The rest of the tracks on the album were produced by Michael Penn or R. Walt Vincent, who produced Pete Yorn's indie rock albums, which prove a much better fit for Phair. Continuing her legacy of female power, and with a good beat and cool guitar riffs to go with it, "My Bionic Eyes" is one of the better songs on the album. In one of her most explicit songs since Exile, she sings of the benefits of oral sex in "H.W.C." Unfortunately, this song also emphasizes Phair's weakness, her warbly voice, which The Matrix covered up so well on other tracks. "Love/Hate" is a battle of the sexes with a strong hint of The Who's "Baba O'Riley" in the tune.
It's too bad that that such a wordsmith as Liz Phair had to resort to a production team to beef up her songs. Whether it was at her record company's recommendation for want of radio singles, or whether she felt she couldn't do it by herself, the tracks assisted by The Matrix stand out like sore thumbs. What is worse is that these at best can be called diversions because they are only four of the fourteen songs on the album. Their impact, however, is that they break up the listening experience, preventing the album from being a cohesive work. Perhaps this will give Phair the resolve to stick to her own sound in future work, or perhaps to give up and give in to the massive machine the record industry is.
Original Release Date: July 22, 2003
Review Date: August 8, 2003
Original Release Date: August 19, 2003
Review Date: August 22, 2003
"In me the scientist
Always gets stuck on always trying this
I try to live on science alone
Analysis and freaky sensitivity
We've got to live on science alone"
-- from "Scientist"
The Dandy Warhols, hailing from Portland, release their fourth album with little fanfare from their label, Capitol (who has released their last three albums in a similar way). Perhaps Capitol understands that The Dandy Warhols have a unique sound and therefore a niche market. The band has a special brand of psychedelic pop that combines some flavor of 60's guitar with 90's Brit Pop synth.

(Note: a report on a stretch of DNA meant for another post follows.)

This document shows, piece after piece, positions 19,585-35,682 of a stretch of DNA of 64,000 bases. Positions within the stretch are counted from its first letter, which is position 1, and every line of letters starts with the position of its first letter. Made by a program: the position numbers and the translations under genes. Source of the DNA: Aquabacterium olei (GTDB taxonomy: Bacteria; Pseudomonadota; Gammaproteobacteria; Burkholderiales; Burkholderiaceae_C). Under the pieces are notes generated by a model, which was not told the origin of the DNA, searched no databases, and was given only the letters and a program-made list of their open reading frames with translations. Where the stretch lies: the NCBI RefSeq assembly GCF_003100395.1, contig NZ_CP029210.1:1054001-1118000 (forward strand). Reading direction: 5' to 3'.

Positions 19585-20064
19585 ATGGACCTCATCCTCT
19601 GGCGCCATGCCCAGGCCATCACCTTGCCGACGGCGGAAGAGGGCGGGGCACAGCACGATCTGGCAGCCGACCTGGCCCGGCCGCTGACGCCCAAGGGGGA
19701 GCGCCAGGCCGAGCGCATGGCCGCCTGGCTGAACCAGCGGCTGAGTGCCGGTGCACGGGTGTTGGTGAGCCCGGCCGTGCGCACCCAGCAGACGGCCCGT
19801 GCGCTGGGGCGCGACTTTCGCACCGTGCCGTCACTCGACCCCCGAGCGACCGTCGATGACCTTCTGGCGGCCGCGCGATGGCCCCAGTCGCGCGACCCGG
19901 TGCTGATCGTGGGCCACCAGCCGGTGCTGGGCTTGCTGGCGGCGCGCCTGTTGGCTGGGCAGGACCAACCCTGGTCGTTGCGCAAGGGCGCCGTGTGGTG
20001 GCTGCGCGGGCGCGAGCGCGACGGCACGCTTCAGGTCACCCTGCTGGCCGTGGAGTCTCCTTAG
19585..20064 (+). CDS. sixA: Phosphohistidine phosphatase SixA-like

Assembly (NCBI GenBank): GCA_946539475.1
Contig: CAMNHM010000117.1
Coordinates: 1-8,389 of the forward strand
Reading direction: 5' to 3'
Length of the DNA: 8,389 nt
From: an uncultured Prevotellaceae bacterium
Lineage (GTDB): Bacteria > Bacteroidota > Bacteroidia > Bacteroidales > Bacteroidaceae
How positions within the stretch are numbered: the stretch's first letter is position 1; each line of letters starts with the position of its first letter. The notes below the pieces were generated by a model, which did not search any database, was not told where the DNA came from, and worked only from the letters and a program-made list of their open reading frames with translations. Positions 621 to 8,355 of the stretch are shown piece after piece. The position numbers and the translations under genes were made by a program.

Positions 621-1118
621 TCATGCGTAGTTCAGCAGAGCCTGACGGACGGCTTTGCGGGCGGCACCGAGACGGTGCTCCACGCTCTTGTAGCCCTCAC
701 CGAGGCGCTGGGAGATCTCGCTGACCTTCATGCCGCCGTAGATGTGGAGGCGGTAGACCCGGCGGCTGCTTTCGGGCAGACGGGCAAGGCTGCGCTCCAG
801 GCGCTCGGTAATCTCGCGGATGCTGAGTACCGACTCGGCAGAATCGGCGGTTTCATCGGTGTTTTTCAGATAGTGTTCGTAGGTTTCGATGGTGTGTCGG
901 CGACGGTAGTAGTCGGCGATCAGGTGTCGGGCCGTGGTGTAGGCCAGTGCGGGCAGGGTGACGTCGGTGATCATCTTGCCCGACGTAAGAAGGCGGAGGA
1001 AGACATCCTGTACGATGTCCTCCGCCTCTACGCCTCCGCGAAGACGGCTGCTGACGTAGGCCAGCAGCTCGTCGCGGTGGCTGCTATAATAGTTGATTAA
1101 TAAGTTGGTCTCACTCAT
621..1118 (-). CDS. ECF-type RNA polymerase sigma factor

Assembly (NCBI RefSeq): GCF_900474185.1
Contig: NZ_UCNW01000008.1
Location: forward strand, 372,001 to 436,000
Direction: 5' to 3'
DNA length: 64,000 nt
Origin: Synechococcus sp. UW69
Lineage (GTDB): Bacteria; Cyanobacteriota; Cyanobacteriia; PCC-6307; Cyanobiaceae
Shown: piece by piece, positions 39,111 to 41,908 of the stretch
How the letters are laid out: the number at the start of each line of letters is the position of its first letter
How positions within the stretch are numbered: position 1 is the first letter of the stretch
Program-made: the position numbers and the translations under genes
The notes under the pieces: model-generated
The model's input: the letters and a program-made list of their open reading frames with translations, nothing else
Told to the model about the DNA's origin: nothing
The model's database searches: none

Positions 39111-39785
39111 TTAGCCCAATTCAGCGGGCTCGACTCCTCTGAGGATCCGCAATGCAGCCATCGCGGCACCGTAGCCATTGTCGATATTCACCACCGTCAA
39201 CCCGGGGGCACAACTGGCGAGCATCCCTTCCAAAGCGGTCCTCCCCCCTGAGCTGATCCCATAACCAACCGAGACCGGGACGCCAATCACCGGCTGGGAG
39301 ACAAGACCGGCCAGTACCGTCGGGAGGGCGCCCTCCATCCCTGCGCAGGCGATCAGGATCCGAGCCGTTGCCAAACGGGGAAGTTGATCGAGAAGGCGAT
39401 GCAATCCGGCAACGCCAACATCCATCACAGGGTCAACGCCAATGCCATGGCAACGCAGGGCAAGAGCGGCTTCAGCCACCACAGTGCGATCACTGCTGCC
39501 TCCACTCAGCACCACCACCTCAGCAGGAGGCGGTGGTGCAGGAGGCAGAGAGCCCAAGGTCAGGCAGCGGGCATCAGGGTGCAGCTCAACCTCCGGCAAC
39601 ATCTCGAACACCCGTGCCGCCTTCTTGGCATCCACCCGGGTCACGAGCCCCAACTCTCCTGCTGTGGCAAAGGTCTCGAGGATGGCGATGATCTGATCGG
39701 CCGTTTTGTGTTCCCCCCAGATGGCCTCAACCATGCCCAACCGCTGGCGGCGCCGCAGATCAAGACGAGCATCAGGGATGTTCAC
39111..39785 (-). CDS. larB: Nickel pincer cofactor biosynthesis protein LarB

The lead singer/songwriter Courtney Taylor-Taylor is the driving force behind the band. His lyrics are often odd or eccentric. The album opens with the title track, a short diatribe revolving around the music industry, using some fairly insular references. "Scientist" combines the strange lyrics inspiring monotonical vocals with a clever attempt at role-playing the scientist trying to be cool. The Dandys show they still know how to rock out with the first single and the best, most original track from the album, "We Used To Be Friends".
Unfortunately, many of the other songs sound like something else. A disco backbeat runs through "Wonderful You". "The Last High" could very easily have been a song on any of New Order's recent albums. Combining some Rolling Stones rhythm with a Lou Reed-style cadence, "Rock Bottom" is slow and deliberate. "Plan A" sounds somewhat like one of Damon Albarn's recent projects. So while there is variety, the influences are so obvious, it's hard to call some of the music original.
While The Dandy Warhols do try to do something different from the mainstream music that is out there today, the music does show its influences. Where they are little different (or strange, to be precise), the music is original. The Dandys can rock when they want to, but they just don't do enough of it to keep things interesting. So while their hearts are in the right place, as far as creativity and non-conformity are concerned, the album as a whole can't really be called anything better than average.